The MacGregor Chiefs


Major Sir Malcolm MacGregor of MacGregor
7th Baronet, 24th Chief of Clan Gregor
(photo taken in 1996)

Q.  If the current Chief is the 24th – who then were the other 23?

A.  Well, this is not as easy a thing to determine as you might suppose. There have been many myths and false accounts written in the past making it difficult to sort out.

Many sources claim we are descended from Griogar, said to have been the third son of Alpin, King of Scotland, who commenced his reign in 833. Alternatively claims have been made for descent from his eldest brother, Kenneth MacAlpine, but these are both impossible to trace. According to Buchanan of Auchmar, the Clan Gregor were located in Glenorchy as early as the reign of Malcolm Canmore (1057-1093). Hugh of Glenorchy appears to have been the first of the Chiefs who was so styled. Before this the Clan system, as we know it, was not in place.

There were four principal Clan Gregor families descended from Gregor of the Golden Bridles. These were Glenstrae, Glencarnaig, Roro, and Glengyle. The Chiefs originally were of the Glenstrae branch which died out as a result of long persecution. Leadership then often switched from one to the other of the three remaining families.

Rob Roy MacGregor was never a Clan Chief but was considered a “Captain,” leading the Clan in battle, and was Tutor to Gregor Macgregor, otherwise called James Graham of Glengyle or Glùn Dubh (Black Knee), after his father died leaving him the Chiefship of the Glengyle branch when he was just 10 years old. In clanship a Captain would be appointed as a military leader when the Chief was a minor or otherwise unsuited for the role.

In 1714 Alexander Drummond (or MacGregor) of Balhaldie (Bohaldy), of the Roro line was elected was Chief. He was succeeded by his son, William before 1743. William was created a baronet in the Jacobite peerage by James the Old Pretender. William’s eldest son was Alexander born in 1758 and suceeded his father in 1765. The latter Alexander became a Captain in the 65th Regiment. In 1774, when the Act of Proscription against Clan Gregor was finally repealed, another election was organised and General John Murray Macgregor of Lanrick, descended from the Glencarnaig line, was acclaimed as the new Chief. He was elected while Alexander of Balhaldie was still alive and serving in the army in the West Indies. Alexander of Balhaldie raised an unsuccessful court action against Sir John Murray. [see note below by #18]
The current Chief is descended from the Glencarnaig line.

The following list is only an approximation and is subject to frequent revisions. Most of the dates are estimated. There are a series of obits up to Gregor (John Murray) no. 12 who died in 1629. Thereafter the succession passed to his brother Patrick Roy who was alive in 1651. The records are rather vague about the succession of the descendants of Ewin the tutor which ended with Kilmanan.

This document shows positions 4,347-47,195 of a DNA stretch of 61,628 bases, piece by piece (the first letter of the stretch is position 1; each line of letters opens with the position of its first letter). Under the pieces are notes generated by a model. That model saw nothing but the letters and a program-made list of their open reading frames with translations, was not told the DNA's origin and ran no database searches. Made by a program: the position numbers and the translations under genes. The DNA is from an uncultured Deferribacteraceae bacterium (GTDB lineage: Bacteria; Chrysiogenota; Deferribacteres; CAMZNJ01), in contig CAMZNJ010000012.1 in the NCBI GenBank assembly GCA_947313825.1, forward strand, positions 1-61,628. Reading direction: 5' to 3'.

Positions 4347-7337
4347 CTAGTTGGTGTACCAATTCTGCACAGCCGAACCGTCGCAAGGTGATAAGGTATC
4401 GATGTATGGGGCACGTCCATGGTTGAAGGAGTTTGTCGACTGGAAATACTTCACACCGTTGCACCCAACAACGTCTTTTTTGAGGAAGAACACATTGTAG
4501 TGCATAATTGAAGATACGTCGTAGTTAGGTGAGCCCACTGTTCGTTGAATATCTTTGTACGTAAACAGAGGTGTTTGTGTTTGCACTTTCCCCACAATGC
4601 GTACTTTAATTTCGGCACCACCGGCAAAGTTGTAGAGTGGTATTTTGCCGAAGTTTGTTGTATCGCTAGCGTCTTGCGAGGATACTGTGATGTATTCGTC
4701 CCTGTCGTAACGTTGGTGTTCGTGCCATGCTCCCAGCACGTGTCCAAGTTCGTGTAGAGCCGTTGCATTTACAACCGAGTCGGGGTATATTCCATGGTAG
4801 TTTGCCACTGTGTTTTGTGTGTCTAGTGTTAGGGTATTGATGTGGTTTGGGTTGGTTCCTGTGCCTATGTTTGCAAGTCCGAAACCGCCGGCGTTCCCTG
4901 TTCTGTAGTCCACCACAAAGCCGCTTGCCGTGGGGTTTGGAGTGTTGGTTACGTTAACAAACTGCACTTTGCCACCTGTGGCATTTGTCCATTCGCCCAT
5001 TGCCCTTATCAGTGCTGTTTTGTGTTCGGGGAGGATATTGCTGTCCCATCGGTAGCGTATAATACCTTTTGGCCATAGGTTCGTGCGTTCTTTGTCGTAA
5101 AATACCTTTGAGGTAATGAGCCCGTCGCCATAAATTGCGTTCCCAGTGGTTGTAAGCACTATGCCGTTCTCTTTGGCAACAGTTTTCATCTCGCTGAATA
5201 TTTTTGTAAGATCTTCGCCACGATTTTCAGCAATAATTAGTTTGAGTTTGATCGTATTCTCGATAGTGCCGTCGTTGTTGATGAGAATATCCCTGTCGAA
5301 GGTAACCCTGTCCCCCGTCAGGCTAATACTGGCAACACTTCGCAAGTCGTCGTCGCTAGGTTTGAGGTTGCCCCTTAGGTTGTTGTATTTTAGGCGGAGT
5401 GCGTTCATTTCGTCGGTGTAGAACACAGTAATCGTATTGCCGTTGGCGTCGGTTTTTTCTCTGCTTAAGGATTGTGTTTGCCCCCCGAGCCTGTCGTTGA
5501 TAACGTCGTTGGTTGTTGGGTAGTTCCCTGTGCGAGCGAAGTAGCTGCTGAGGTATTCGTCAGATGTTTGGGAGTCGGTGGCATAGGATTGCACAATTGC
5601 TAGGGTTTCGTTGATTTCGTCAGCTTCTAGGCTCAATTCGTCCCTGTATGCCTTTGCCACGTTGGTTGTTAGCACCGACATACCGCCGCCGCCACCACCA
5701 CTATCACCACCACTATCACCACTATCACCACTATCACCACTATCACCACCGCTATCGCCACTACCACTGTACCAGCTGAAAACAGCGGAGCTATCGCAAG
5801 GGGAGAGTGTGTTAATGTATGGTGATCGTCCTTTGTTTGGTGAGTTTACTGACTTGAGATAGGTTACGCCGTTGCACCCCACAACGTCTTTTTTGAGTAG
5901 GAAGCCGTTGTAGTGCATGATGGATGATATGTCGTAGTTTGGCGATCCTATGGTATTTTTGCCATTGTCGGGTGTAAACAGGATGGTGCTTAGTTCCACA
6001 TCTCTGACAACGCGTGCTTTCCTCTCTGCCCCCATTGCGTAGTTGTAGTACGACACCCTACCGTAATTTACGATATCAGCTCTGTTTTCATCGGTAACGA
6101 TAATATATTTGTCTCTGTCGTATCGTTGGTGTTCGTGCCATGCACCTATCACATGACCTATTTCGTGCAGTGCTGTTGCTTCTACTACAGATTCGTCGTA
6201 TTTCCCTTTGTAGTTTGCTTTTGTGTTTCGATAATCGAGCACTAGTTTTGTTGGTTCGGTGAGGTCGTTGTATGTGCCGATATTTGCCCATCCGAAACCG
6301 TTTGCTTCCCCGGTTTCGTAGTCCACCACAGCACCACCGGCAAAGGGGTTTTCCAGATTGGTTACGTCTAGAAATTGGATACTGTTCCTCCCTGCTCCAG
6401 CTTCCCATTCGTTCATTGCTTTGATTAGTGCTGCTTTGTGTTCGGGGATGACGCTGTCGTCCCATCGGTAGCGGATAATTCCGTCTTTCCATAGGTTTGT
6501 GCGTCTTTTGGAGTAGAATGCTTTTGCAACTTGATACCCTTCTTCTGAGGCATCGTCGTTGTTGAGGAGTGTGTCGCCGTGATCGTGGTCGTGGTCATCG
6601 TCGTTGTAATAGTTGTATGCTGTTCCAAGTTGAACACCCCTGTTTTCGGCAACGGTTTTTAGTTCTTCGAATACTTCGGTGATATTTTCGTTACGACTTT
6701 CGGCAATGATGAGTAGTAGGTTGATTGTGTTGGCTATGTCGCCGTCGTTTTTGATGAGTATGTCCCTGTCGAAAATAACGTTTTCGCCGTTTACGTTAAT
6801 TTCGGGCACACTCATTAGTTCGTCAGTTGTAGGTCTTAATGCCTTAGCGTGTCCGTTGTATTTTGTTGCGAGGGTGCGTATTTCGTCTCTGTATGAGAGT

1. Griogair of the Golden Bridles, b~1300; d~1360

    2. Eoin cam (Ian of the One-Eye), son of Griogair, .b~1325; obit.1390

    3. Eoin dubh, son of Eoin cam, b~1350; obit.1415

    4. Gille-coluim (Malcolm “the lame lord”), son of Eoin dubh, b~1375; obit.1440

    5. Padraig, son of Gille-coluim, b~1405; obit.1461

    6. Eoin dubh, son of Padraig, b~1440 obit.1519 (his son Maol-coluim dsp 1498)

    7. Eoin MacEoghan, gt-gt-gt-grandson of #3. Eoin dubh, b~1480; obit 1528

    8. Alasdair ruadh of Glenstrae (Allister Roy), son of Eoin MacEoghan, b~1515; obit 1547

    9. Eoin ruadh, son of Alasdair ruadh, b~1540; obit 1550

    10. Griogair ruadh of Glenstrae ‘The arrow of Glen Lyon’, brother of Eoin ruadh,
      b~1541; executed 1571

    11. Alasdair ruadh of Glenstrae, son of Griogair ruadh, b~ 1569; executed 1604

    12. Gregor, alias John Murray, nephew of Alasdair ruadh, b ~1599. last recorded 1639 (sold Glenstrae to Glenorchy in 1624)

    13. Patrick Roy, brother of Gregor, b~1600; d~1650s

    14. James, son of Patrick Roy d~ 1670s (?)

    15. Gregor, son of Malcolm, g-son of Ewin the tutor, d~ 1680s

    16. Archibald of Kilmanan, cousin of Gregor, d~ 1704

    17. Alexander MacGregor or Drummond of Balhaldie (Bohaldy) – Roro – elected in 1714, d.1743

    18. William Macgregor Drummond of Balhaldie succeeded his father 1743. d. ~1765

    19. [Alexander MacGregor Drummond of Balhaldie, b1758, succeeded 1765.]
      Alexander of Balhaldie was not elected and was living outside Scotland. Had he been more dynamic the opportunity for Sir John to campaign for the chiefship might not have arisen. There were also disputes about the seniority and right of the original Balhaldie in 1714. Alexander unsuccessfully sued Sir John Murray in 1795. Note the numbering suggests that Sir John Murray did not accept the succession of William in 1743.

    20. Sir John Murray (Macgregor) of Lanrick (Glencarnaig branch), elected chief in 1775. Baronetcy created in 1795

    21. Sir Evan John Macgregor 1785-1841, 2nd Baronet of Lanrick, founder of the Clan Gregor Society in 1822 Obtained royal license to resume the name MacGregor in 1822.

    22. Sir John Athole Bannatyne Macgregor of MacGregor, 3rd Baronet, 1810-1851

    23. Sir Malcolm Murray Macgregor of MacGregor, 4th Baronet, b.1834, d.1879

    24. Sir Malcolm MacGregor of MacGregor, RN, 5th Baronet. b.1873

    25. Brigadier Sir Gregor MacGregor of MacGregor, 6th Baronet. b.1925, d.2003

    26. Major Sir Malcolm MacGregor of MacGregor, 7th Baronet.


Note the switch from the Gaelic to the English form after Alasdair of Glenstrae. The clan after 1604 was a very different body from that which preceded it.

Developed with the assistance of Peter Lawrie, Clan Gregor Society.

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